Silkscreen/Serigraph - Signed - 230 - without frame - 1977
|Title of artwork:||Composition from La Lune en Rodage III|
|Total dimensions (H/ W/ D in cm):||23.5 x 28 cm|
|Sold with frame:||without frame|
Yves Laloy; From La Lune en Rodage III
Medium: Silkscreen Print
28 x 23.5 cm
Editor: Edition Panderma, Basel
Year: published 1977
Edition: This is an unnumbered copy of 230 editions (65 hors commerce were unnumbered)
Edition Panderma, Carl Laszlo, Basel
Galerie von Bartha, Basel
Private Collection, Basel
Condition / Restauration:
mint archival condition
A rare limited edition of the portable collection of post-war and contemporary art La Lune en Rodage III. This is an unnumbered copy of 230 editions (65 hors commerce were unnumbered) and part of the third serie of the La Lune en Rodage books. La Lune en Rodage was published in three volumes in 1960, 1965 and 1977 containing a total of approximately 180 art pieces which provide an account of the artistic avant-garde scene between the 1950s and 1970s. The art works were gathered by Carl Laslzo and included the greatest artists of the time who contributed with important pieces, often marking a turning point in their production and carriers: Enrico Castellani’s work for example is his first documented graphic work and Piero Manzoni's multiple Achrome is the only one produced by the artist.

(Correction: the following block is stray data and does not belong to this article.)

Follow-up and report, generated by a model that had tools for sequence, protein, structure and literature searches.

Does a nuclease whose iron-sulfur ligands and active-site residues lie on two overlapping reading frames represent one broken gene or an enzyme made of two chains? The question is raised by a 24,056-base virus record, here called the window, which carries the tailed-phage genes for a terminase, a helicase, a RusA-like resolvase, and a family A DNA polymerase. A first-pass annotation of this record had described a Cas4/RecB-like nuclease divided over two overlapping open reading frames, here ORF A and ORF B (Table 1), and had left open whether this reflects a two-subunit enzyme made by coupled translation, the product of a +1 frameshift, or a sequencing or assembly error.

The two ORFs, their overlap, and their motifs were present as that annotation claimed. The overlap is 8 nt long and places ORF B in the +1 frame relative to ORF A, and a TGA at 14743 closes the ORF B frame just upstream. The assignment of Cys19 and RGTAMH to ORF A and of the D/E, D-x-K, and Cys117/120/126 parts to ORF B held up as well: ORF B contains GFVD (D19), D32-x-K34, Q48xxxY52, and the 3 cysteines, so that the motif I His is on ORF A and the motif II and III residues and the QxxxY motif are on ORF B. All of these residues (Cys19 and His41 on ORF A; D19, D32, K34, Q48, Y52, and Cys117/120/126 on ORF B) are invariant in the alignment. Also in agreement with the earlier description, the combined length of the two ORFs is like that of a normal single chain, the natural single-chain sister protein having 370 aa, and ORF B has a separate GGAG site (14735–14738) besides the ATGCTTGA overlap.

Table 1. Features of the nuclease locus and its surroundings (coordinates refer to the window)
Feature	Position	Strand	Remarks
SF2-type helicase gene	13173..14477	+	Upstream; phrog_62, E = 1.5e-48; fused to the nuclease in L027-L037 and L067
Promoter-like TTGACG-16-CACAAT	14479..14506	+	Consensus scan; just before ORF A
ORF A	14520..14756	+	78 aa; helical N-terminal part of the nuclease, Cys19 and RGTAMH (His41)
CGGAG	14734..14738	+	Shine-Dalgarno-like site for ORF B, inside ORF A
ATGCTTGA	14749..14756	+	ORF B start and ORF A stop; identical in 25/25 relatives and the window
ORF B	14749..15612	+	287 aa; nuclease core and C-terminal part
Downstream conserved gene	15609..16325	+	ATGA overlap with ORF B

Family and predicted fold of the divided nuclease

Yves Laloy’s paintings defy categorization. André Breton was the first to call his work surrealist, a label that Laloy felt overly limiting. Yet, Laloy embraced another relationship also put forward by Breton: one that invoked an analogous aesthetic relationship between his paintings and Navajo sand paintings, ephemeral images created by Navajo spiritual leaders exclusively as part of the Nightway ceremony. Breton reasoned that, “while a composition of Kandinsky responds to symphonic ambitions, a painting [made] of Navajo sand is primarily concerned with cosmogonic preoccupations and tends to influence the course of the universe in a propitiatory way.” For Breton, Laloy’s paintings enabled the ability to “see” beyond the visible. Paintings like Montez (Uma), on view here, are examples of the artist’s preoccupation with Indigenous art and spiritual practices in the Americas. They also are indicative of a time when many artists and writers in Western Europe were actively appropriating the aesthetics of objects from the Americas and Africa—often without an understanding of these works beyond their visual qualities as a means of accommodating a felt lack in their own societies—the perceived loss of the magic, ritual, and the sacred. Much like Marilou Schultz’s weavings, the patterning in these paintings also invokes the aesthetics of early digital technology. (from: http://www.documenta14.de/en/artists/21977/yves-laloy)
|Member since:||March 14, 2018|
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